Not a Hero and Not a Stranger: Serving Veterans in Higher Education
The Northwest Pennsylvania (NW PA) Veteran Suicide Prevention Program operates on a three-pronged approach involving healthcare providers, community organizations, and Veterans and their families in the 15 counties of NW PA. The “Person-First” series chronicles the lived experiences of Veterans committed to reducing suicide deaths of those who have served in the armed forces. In this article, Jay Breneman, Ph.D., speaks of his eight years serving in the US Army and the reintegration challenges faced as a non-traditional college student . These experiences led him to pursue a career in social work and higher education, with a primary emphasis on Veteran services.
In addition to Jay’s story, the NW PA Veteran Suicide Prevention Program featured his recently published article, Not a Hero and Not a Stranger: Serving Veterans in Higher Education. In: Thompson, P., Carello, J. (eds) Trauma-Informed Pedagogies. Palgrave Macmillan, Cham. as part of the Program’s monthly journal club. A re-cap of this article and Jay’s presentation are available to download.
Read time: 10 minutes
Finding Purpose in the Desire to Enlist
Today, Jay Brennan is a resident of Erie County and an Army Veteran. He’s also a husband, father, and full-time instructor and field director for the Master of Social Work program at PennWest, the second-largest university in Pennsylvania. Much of where Jay finds himself today can be traced back to the terror attacks of September 11, 2001, when at age 18, he called a US Army recruiter and began a nearly year-long journey to become a soldier. Having left high school before graduation and “wandering aimlessly,” he found purpose in the desire to enlist and enrolled in 6-months of GED courses, and participated in pre-enlistment training, evaluations, and activities. As a result of those efforts, he served for 6 ½ years across two enlistments, including three years overseas, with a year in South Korea and 2½ years deployed to Iraq.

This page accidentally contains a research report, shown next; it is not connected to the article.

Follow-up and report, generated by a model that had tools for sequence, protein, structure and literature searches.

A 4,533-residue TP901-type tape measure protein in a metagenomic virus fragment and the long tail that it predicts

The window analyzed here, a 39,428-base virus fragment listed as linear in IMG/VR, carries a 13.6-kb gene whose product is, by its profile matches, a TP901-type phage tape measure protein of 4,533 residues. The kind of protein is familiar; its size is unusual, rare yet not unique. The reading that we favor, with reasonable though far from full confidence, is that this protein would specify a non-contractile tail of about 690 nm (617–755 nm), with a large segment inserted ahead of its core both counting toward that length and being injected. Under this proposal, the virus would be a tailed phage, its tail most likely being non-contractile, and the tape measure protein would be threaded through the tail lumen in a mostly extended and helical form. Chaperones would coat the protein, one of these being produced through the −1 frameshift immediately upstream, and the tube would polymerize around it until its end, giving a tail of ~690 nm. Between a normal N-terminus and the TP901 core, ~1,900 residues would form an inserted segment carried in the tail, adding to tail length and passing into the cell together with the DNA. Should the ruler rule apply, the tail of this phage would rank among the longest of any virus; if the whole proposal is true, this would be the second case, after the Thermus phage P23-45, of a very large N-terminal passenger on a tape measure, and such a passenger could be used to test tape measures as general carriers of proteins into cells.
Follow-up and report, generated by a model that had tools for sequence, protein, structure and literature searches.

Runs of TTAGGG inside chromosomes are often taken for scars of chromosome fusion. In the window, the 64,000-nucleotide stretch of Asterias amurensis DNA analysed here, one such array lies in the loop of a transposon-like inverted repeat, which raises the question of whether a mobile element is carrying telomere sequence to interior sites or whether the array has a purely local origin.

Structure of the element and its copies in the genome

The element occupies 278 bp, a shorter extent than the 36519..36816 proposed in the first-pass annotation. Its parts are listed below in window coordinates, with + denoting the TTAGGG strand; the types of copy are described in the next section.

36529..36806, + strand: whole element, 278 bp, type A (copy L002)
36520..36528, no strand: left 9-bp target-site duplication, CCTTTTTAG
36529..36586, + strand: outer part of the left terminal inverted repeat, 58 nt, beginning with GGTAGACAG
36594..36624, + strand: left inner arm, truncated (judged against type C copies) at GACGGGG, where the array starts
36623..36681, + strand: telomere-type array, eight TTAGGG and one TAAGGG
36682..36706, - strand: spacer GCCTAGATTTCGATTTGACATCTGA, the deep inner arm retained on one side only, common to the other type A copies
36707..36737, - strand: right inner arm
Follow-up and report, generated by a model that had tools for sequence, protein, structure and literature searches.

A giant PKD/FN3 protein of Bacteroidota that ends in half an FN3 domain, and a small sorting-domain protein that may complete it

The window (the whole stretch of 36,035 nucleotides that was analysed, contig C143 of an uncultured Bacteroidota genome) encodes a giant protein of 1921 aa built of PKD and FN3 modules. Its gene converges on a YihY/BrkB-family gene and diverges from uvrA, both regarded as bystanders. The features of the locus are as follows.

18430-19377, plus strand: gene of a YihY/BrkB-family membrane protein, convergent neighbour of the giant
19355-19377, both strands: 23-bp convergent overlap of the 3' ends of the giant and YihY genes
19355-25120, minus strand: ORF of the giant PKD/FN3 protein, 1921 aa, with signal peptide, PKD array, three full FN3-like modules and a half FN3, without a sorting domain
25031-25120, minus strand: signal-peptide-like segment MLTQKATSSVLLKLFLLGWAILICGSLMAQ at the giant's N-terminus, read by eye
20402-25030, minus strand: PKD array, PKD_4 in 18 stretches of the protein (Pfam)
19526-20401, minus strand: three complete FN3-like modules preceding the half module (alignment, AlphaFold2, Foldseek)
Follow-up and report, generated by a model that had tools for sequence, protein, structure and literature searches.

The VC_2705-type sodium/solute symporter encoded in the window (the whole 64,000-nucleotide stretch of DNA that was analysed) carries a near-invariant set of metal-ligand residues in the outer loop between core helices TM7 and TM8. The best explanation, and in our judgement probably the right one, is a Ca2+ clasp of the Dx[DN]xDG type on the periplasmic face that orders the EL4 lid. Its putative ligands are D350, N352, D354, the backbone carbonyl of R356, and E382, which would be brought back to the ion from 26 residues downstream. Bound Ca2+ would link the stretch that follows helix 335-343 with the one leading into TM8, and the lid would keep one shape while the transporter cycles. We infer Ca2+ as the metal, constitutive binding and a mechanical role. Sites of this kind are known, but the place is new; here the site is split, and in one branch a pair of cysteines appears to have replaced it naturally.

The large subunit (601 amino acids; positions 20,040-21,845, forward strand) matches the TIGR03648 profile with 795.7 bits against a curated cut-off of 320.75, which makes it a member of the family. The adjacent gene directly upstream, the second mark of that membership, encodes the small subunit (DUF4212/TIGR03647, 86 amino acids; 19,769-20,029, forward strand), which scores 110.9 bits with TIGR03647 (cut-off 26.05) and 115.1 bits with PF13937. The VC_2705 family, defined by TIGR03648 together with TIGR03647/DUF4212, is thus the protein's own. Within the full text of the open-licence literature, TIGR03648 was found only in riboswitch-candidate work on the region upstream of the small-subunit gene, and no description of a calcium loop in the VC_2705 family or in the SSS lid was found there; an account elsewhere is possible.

“I had a successful military career and achieved much more than I thought possible when I swore my first oath. But when I wasn’t deployed or in training, I frequently experienced jarring interactions with civilians who regarded me as some sort of hero who needed a hug, a free beer, cash in my hand, and thankful handshakes or backslaps.”
Even though he was honorably discharged in 2009, Jay struggled to respond to those interactions—which often felt transactional. “My choice for military service was not for the glory or greatness but for that essential Army value of selfless service. If I was a hero— which I most certainly was not—what does that make those who came back injured or who were killed in action for the sake of others?” These questions would guide him into a decade of inquiry, research, and direct work supporting Veterans on college campuses.
Enrolling in college classes just two weeks after his discharge, Jay brought life experience to the classroom and campus that was considerably different from those of his peers. “I was a student Veteran at a time when Veteran benefits were changing, universities were trying to figure out how to serve a growing number of student Veterans, and when the Department of Veterans Affairs was under scrutiny for delaying or denying benefits to student Veterans.”
These challenges fueled his career path. After earning his undergraduate and graduate degrees in social work, he served as the first Veterans coordinator for a small private college and later as the Veterans coordinator for a larger public university.
Military Veterans face many of the same integration barriers as non-traditional college students while simultaneously encountering problematic and contradictory societal expectations and stigma around perceptions of heroism and trauma. “In my coordinator roles, my first goal was to convince the administration that we needed to do more than process benefits or refer student Veterans to healthcare services and that we should meet them with more than symbols and events of patriotism and gratitude.”
These experiences prompted Jay to begin a Doctor of Social Work program at the University of Southern California, which he will complete in May of 2023. His chapter in Trauma-Informed Pedagogies is a result of his research and inquiry into the issues of higher education and Veteran reintegration. The following section explores the internalized and externalized pressures that student Veterans may face on a college campus and includes perspectives that educators and administrators can integrate into their practices and policies.